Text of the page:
As a firm of lawyers who deal only with claims for personal injury compensation, we actually specialise in serious injury claims with payouts that run in to millions of pounds. If there is one thing that is always a certainty in high value compensation claims, it’s that insurers will do ANYTHING to limit or stop a payout. Their interests of course are to protect their shareholders profits and keep costs down.
But you have to really question the lack of humanity when you hear a story like this one; bearing in mind that insurance is there to cover people for claims. According to sources from the Daily Mail, Churchill are going to appeal a decision finding their policy holder 100% at fault for an accident with a payout estimated to be in the millions. The problem though is the circumstances of the accident, and their argument for the appeal…
Churchill are saying that now brain damaged 16 year old Bethany Probert, who was 13 at the time of the accident when she was hit on a dark country road by a speeding motorist, should have been wearing a high visibility jacket. They are actually suggesting that a 13 year old should know to wear a high visibility jacket on the basis that she rides horses and therefore knows to wear one when out on a horse on the roads.
Now, aside from the fact that she was 13 years old at the time, and therefore below the age of mature responsibility in the eyes of the law, and aside from the fact she has only ever ridden horses in a field and not out on the roads, and aside from the fact she is now brain damaged and will need care for the rest of her life, which of course I imagine has been turned upside down by this traumatic event, the family is now facing further litigation because Churchill want to pass some of the blame on to her.
The Defendant was found by the Judge to be driving at a speed that was excessive in the circumstances; which was said to be 50mph on a dark, unlit bending country road. As a result, according to the report, Bethany has been left with limited walking ability, depression, and a lack of concentration and spatial awareness. She requires specialist equipment, a support worker and an open plan single-storey home. The award will now be delayed as a result of the lawyers acting for Churchill putting in the appeal who say “while we accept that our insured was liable in part for the accident, we are appealing the decision that he was entirely to blame.”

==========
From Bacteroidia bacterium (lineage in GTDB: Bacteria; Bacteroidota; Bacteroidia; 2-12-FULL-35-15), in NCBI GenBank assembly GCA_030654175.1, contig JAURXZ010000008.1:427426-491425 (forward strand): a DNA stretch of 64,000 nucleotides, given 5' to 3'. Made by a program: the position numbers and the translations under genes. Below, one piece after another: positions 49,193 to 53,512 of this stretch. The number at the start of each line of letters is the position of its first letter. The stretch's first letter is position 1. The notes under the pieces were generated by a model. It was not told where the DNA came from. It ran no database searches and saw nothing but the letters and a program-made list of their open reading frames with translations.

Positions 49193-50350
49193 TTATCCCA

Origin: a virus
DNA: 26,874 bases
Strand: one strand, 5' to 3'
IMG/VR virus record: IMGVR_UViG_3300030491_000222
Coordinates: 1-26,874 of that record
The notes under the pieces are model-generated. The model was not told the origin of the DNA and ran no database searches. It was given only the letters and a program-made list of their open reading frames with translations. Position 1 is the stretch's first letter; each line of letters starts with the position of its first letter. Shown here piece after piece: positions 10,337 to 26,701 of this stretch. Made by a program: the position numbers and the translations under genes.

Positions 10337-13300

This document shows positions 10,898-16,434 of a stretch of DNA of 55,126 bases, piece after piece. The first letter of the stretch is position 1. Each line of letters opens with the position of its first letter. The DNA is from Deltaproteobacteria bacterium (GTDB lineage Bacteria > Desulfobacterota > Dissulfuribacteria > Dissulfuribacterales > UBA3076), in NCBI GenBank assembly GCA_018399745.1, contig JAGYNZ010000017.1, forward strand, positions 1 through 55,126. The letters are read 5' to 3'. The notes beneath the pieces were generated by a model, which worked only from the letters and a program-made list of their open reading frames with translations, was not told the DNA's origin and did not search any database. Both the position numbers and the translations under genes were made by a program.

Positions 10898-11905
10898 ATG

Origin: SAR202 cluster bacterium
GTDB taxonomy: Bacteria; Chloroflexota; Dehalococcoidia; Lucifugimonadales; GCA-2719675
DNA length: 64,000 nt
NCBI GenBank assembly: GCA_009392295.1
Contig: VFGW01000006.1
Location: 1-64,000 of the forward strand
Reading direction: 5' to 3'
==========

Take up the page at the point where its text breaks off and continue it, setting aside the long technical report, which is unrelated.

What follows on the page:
This case is set to test the limits of what might be called acceptable contributory negligence on the part of a child. Contributory negligence is a common argument insurers and Defendant solicitors make in claims, and it simply means that the Claimants payout should be reduced to reflect a percentage of blame on the Claimant themselves. The classic examples are failing to wear a seatbelt in a car accident or a helmet when riding a cycle; the point is that the injured person put themselves at increased risk by failing to take precautions they ought to have known to do.
The big issue in this case of course is that Bethany was 13 at the time of the accident; which is still just a child in the eyes of the law and from a common sense perspective irrelevant of how quickly kids seem to want to grow up nowadays! It might potentially be a fairer argument to say that an adult ought to have known to wear such clothing (although even this if you ask me is not an easy argument to make), but a 13 year old child on the basis of the fact she rides horses in a field? It seems totally unfair if you ask me.
It’s not just an issue that the insurers want to fight the case and place some of the blame on a 13 year old girl, but that when it comes down to decisions in a court of law, it can depend entirely on the Judge on the day of the hearing. A Judge may well agree with the insurers, leaving a brain damaged teen with less money that is needed to make sure she is cared for and looked after for the rest of her life, which lets face facts, the quality of which is nowhere near what she could have had if the accident would not have happened. It’s a tragic story and when you look at it from a black and white approach, I’m sure you’ll agree with me when I say that Churchill should just pay out in full! They are an insurance company – their job is to pay insurance claims to injured accident victims.
But, as I said at the start of the blog, we see it all the time when insurers try to limit payouts and put some of the blame on the injured person. In some cases it is a fair argument; but they tend to push these arguments even more in high value cases like this as they can end up saving themselves millions of pounds; at the expense of a permanently injured teenage girl.
We will have to see how this story pans out…
IMPORTANT: advice on this page is intended to be up-to-date for the 'first published date'.